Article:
News The Houses of Parliament illuminated at night

Battersea have drawn up a list of their top mousers

Hollywood's last lone ranger continues to dodge the shots

Sam Shepard, enigmatic author and actor, gave a rare audience in London last week.

Power site gets greatest thrills on earth

Battersea power station in London will be turned into "the world's greatest entertainment and retail complex" under a pounds 500m plan announced yesterday.

THEATRE: The Dancing Master; BAC, London

First plays, like first novels, are usually safe, domestic, autobiographical affairs. The recent revival at BAC of Christopher Hampton's When Did You Last See My Mother? is a case in point. Two bickering adolescents, contemplating sexual hang-ups and unemployment. BAC's latest offering, The Dancing Master, the first play by actress Aletta Lawson, leaps to the other extreme, encompassing off-stage gang rape in Bosnia, body image, courtly dancing, snatches of opera, long-lost parents, love, lust and lavatory cleaning. If this is autobiography, she has led, as Lady Bracknell put it, "A life crowded with incident."

Property: A compact space with all mod cons

Studio flats are back in demand - provided they're in the right location.

Theatre A Doll's House Battersea Arts Centre, London

'As good a production as you are likely to see. It plays no tricks with Ibsen's text and subtly points up the overwhelming modernity of the play'

Letter: Asian view of Hindu `miracle'

Sir: The recent "miracle" experience by the Hindu community worldwide has no explanation in the realm of Western materialism ("The little miracle in Lady Margaret Road", 23 September). The West is usually inclined to seek the explanation of various natural and unnatural phenomena in terms of a finite set of variables. But, according to Hindu philosophy, the world is multi-dimensional, and there are many "happenings" which cannot be accounted for by using the existing model of Western rationalism.

Opera LE CINESI BAC, Battersea, London

Opera in London in the summer months is something of a non-event. Opera-goers head for the hills of Glyndebourne, Edinburgh, Salzburg, Santa Fe. But what is left is often unusual and stimulating: Almeida Opera and now BAC Opera. Where the Almeida has "establishment" backing, BAC is a more modest affair, aiming to "draw the richest young operatic talent back to London, giving audiences the chance to see the stars of tomorrow in a refreshingly intimate theatrical environment." Well, the environment at BAC is certainly intimate - a box seating about 60 - but refreshing? Musically, perhaps, but this week, with closed doors and no air-conditioning, audience, performers and instruments came close to meltdown.

LETTER : Long history of British blacks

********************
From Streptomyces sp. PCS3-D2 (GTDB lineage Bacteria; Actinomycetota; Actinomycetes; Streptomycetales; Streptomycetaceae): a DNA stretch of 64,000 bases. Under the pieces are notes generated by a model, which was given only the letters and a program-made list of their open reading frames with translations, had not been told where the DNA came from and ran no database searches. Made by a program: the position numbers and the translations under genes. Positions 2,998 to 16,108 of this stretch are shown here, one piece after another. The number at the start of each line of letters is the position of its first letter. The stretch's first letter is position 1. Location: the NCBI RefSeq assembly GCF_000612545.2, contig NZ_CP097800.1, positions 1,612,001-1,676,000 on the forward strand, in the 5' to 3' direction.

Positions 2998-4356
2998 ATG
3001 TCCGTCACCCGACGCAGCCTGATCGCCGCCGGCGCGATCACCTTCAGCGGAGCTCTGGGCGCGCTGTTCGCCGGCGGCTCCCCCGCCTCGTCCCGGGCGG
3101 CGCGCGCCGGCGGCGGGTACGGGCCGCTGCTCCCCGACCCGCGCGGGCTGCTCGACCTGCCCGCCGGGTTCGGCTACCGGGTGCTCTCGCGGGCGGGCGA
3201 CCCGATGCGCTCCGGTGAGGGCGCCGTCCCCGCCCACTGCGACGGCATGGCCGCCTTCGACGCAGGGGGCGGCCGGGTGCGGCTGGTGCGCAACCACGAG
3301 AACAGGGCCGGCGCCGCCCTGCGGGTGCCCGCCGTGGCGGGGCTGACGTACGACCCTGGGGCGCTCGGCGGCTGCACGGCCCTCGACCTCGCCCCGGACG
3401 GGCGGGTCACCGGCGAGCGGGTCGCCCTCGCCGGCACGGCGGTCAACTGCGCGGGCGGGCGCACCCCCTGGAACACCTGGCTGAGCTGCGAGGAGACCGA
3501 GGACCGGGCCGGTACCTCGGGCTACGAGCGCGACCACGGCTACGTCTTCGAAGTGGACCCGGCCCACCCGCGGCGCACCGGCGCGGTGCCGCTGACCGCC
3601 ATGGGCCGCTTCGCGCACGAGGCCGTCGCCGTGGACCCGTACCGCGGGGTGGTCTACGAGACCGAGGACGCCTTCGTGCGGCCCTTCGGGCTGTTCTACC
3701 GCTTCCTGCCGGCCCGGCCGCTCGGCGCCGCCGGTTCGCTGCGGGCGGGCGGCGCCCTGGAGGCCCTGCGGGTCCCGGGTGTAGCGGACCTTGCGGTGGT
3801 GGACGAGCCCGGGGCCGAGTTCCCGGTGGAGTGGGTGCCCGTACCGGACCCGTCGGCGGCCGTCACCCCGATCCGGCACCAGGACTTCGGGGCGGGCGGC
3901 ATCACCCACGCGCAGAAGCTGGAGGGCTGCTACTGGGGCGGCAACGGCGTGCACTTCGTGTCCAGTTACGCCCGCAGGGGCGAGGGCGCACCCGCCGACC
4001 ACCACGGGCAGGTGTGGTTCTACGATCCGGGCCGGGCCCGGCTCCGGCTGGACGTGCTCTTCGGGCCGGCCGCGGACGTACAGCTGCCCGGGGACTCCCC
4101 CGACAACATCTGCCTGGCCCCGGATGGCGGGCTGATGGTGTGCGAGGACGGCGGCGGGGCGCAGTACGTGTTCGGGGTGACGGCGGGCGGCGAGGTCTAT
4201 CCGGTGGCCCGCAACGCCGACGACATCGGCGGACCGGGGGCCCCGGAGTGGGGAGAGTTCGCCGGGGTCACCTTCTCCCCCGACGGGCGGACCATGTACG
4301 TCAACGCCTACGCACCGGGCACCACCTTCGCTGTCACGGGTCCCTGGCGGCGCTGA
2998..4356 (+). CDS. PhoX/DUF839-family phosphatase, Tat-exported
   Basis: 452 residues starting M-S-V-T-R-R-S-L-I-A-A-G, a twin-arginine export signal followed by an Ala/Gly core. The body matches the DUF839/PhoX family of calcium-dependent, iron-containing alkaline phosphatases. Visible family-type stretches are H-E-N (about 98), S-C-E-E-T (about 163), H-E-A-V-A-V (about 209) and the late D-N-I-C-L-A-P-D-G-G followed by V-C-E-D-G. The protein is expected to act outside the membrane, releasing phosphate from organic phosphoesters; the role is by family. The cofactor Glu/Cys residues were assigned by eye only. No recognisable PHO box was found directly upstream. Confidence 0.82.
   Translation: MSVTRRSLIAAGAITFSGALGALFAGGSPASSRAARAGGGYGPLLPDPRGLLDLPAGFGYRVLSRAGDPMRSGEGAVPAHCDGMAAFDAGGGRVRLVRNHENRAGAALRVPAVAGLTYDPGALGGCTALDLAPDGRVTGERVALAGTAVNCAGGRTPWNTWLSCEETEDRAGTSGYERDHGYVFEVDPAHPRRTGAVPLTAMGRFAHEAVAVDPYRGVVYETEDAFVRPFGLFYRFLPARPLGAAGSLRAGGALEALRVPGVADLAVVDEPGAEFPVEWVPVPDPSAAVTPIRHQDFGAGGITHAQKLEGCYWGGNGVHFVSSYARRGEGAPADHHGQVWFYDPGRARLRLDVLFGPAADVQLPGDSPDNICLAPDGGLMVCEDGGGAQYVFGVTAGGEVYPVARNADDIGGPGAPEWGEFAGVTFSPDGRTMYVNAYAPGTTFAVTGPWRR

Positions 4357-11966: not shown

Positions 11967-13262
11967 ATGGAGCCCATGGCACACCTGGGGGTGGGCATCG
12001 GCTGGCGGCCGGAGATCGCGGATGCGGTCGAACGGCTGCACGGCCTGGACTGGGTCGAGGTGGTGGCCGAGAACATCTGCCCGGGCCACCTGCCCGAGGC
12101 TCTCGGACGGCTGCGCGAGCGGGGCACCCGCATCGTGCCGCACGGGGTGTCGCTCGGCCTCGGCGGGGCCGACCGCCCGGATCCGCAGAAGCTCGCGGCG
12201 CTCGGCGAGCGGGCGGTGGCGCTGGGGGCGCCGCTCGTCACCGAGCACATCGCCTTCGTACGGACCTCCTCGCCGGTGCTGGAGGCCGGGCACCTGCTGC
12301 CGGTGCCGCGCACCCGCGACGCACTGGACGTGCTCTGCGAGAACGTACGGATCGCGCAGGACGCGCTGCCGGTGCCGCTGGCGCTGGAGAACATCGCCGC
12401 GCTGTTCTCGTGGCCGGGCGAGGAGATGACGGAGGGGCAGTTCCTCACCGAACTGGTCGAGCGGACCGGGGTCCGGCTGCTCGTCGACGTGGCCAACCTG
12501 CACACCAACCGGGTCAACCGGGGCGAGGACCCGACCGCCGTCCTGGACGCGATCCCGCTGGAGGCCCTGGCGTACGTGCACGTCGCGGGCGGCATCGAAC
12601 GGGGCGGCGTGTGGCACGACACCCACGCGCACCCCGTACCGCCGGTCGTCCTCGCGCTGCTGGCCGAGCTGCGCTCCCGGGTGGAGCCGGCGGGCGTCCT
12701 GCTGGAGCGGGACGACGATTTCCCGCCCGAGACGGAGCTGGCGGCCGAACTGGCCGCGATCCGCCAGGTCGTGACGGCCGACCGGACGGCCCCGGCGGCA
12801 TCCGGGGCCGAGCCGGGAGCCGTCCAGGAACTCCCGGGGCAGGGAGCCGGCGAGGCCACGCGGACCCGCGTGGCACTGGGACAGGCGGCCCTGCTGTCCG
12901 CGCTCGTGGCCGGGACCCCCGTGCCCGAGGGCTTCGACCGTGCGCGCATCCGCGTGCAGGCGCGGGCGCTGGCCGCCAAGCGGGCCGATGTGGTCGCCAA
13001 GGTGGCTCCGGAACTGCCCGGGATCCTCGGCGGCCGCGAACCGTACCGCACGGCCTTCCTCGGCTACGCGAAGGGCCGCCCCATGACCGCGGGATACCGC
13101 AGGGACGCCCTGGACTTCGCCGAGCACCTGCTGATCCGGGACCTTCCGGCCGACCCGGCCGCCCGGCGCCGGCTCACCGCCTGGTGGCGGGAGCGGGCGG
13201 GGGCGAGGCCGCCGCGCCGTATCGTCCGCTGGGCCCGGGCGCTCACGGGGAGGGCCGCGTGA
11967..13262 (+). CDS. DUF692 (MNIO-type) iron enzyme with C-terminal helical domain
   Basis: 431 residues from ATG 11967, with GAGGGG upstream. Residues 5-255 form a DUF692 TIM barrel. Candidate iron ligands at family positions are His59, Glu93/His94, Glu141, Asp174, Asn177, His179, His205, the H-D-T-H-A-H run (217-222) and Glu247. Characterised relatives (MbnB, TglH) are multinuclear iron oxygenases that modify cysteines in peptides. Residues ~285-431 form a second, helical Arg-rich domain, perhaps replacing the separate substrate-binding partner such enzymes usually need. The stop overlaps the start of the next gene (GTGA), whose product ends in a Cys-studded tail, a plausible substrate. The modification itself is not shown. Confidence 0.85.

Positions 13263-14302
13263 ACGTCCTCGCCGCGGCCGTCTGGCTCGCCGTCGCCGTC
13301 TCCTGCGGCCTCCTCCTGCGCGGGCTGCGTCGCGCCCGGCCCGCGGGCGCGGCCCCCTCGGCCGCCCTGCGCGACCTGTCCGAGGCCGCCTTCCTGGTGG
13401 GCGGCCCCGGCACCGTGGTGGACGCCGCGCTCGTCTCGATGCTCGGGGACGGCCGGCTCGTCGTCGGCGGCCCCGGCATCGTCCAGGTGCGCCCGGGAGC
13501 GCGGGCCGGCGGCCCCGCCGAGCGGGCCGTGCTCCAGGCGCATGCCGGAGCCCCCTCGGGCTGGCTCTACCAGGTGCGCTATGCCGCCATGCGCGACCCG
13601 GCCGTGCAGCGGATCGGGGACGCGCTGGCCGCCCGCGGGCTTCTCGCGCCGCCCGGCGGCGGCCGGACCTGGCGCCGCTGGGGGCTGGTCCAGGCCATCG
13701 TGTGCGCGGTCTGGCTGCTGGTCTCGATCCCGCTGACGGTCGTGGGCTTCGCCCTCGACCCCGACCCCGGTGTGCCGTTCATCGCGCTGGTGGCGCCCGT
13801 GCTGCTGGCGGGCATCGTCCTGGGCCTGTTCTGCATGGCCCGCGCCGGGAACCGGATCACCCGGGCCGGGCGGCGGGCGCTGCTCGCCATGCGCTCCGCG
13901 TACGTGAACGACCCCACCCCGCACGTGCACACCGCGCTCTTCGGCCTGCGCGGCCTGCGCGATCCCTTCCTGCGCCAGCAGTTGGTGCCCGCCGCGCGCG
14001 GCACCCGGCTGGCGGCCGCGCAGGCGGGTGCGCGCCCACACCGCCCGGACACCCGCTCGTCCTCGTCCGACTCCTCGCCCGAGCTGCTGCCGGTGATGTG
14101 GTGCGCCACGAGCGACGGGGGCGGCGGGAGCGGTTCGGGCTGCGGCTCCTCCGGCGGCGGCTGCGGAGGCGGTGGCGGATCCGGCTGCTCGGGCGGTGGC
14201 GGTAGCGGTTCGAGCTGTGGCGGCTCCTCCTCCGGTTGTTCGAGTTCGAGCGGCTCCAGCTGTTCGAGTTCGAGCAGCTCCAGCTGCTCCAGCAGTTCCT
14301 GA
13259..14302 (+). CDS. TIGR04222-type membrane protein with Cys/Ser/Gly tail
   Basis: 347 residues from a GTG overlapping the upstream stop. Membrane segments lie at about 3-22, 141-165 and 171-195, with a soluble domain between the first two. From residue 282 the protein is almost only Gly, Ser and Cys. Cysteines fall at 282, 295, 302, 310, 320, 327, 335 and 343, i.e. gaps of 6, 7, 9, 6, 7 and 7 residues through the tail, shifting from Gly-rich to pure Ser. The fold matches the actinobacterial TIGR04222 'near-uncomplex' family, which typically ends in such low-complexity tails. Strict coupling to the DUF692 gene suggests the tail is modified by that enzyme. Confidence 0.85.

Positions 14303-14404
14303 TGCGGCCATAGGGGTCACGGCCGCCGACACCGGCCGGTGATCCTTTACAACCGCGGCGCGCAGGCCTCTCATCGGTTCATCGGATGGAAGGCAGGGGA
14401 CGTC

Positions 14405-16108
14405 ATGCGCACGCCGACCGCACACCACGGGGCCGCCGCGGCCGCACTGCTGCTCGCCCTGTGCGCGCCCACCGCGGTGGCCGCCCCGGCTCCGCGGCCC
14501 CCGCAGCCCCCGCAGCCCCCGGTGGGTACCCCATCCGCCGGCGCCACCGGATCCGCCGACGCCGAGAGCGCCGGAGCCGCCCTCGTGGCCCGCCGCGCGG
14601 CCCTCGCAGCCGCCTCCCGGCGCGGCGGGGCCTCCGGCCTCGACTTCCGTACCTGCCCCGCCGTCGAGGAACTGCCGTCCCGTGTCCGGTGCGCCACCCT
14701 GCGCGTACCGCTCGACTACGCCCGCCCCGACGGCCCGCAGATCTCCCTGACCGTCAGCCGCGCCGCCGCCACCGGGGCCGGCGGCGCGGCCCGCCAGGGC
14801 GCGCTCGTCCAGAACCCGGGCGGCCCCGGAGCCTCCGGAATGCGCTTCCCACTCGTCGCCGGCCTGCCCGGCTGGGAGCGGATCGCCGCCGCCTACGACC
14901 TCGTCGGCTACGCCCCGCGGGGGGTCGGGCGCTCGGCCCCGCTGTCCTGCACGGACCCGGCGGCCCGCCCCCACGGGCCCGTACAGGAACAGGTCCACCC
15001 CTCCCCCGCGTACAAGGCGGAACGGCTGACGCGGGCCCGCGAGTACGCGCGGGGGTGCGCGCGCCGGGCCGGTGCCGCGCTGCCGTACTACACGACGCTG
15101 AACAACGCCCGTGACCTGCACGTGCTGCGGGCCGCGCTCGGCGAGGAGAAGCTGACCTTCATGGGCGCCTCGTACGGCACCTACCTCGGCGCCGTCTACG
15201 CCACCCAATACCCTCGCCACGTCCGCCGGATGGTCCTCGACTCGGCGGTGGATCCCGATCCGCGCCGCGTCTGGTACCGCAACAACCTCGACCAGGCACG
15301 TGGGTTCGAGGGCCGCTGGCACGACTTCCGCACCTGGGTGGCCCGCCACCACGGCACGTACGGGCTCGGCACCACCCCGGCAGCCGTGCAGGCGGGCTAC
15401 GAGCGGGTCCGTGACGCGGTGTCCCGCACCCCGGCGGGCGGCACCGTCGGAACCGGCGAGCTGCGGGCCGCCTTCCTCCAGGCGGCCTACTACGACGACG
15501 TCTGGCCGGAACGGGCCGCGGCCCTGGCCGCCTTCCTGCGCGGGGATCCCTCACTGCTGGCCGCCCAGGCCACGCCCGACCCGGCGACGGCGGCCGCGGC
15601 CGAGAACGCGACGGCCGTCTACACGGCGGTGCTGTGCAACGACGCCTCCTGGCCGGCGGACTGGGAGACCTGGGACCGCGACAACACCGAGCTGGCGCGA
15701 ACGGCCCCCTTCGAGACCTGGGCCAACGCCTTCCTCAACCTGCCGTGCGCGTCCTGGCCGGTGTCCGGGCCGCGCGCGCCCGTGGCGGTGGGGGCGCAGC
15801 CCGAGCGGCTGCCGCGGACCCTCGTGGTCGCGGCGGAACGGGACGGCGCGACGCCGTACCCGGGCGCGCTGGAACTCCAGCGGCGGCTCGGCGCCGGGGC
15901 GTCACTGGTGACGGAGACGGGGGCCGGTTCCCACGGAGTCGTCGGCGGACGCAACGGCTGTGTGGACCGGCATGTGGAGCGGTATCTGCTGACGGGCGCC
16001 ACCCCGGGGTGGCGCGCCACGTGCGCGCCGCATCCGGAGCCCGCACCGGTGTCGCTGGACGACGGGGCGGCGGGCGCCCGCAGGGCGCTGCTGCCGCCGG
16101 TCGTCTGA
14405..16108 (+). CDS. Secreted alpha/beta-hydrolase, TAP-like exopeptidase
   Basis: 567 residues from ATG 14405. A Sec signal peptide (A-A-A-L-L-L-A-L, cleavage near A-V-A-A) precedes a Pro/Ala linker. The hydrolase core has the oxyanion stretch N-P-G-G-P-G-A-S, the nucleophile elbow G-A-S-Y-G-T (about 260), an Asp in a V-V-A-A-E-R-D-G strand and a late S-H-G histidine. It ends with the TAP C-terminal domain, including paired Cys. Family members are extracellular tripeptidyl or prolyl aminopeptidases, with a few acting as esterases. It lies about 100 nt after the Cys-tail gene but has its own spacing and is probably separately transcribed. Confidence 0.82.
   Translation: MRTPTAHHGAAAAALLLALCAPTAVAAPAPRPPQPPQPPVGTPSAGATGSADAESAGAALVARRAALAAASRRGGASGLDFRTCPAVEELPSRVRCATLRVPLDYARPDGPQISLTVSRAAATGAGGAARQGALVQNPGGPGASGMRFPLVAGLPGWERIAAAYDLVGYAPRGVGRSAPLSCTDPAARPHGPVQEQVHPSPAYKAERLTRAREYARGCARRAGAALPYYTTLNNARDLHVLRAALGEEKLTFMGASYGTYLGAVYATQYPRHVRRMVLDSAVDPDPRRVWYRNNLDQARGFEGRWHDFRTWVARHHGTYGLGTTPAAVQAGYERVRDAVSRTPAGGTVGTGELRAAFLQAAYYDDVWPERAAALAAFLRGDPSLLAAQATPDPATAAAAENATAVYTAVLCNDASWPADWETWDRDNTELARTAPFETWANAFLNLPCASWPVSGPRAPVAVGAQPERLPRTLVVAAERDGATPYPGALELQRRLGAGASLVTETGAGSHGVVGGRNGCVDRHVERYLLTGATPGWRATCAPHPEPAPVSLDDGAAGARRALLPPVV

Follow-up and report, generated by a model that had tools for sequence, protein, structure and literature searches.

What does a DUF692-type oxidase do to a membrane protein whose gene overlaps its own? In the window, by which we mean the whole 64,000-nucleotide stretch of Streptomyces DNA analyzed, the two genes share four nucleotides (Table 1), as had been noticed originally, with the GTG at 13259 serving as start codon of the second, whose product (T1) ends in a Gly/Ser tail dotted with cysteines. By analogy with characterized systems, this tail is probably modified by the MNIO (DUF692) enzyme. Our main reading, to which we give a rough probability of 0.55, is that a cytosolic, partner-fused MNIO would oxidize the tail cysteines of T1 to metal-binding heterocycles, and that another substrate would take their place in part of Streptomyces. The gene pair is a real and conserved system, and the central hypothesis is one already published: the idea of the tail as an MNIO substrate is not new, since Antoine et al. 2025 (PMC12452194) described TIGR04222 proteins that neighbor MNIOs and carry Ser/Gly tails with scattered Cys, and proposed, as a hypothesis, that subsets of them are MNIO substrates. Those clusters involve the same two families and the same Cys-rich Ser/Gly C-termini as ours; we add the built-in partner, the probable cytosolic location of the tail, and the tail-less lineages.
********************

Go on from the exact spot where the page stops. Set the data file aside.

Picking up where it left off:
From Ms Linda Bellos

Theatre NOTHING TO PAY Battersea Arts Centre, London

Caradoc Evans's Nothing to Pay is a Welsh mock-odyssey; the tale of a draper who leaves his village, first for the town, then London, in insatiable pursuit of wealth. It is the tale of a man - Amos Morgan - who is possessed and ruined by zealous smallmindedness. And its satiric finger is pointed relentlessly at the church for instilling a fatal combination of sheep-like thoughtlessness and rampant self-interest in its flock. No wonder it was shouted down when it was published in 1930. "Filth masquerading as truth," stormed the Western Mail. It may since have passed into relative obscurity, but it clearly touched a nerve.

A bug in the continuity

Hard Copy

Comments were 'off the record'

Chris Rea reports on the profound effects of 'unwitting' remarks

Obituary: James Gardner

James Gardner was the most difficult and one of the greatest acts in design to follow, writes Kenneth Grange [further to the obituary by Sir Hugh Casson, 29 March]. His modesty overshadowed a genius for making the commonplace magical and for giving the miraculous a place in the common culture. He was an artist, but invaluably an artist in commerce. The output from his inventive mind was boundless - most of us would be justly proud if we owned just one of his many careers.

A few minutes in Fry the spy's shoes

AND meanwhile, what about the understudy?

John Walsh suggests

Six very English restaurants

Many original features (missing): Do you need a spear railing head or plaster cornice? John Windsor explains how you can bring your crumbling villa up to spec

WHEN THEY stopped making Victorian villas they threw away the moulds - which were eagerly snapped up by ironfounders and plasterworkers. These days, if you cannot find reasonably priced architectural salvage to match the twiddly bits such as cast-iron railing heads or plaster ceiling cornices that have fallen off your villa, the chances are that you can find a local firm that has kept the original patterns.
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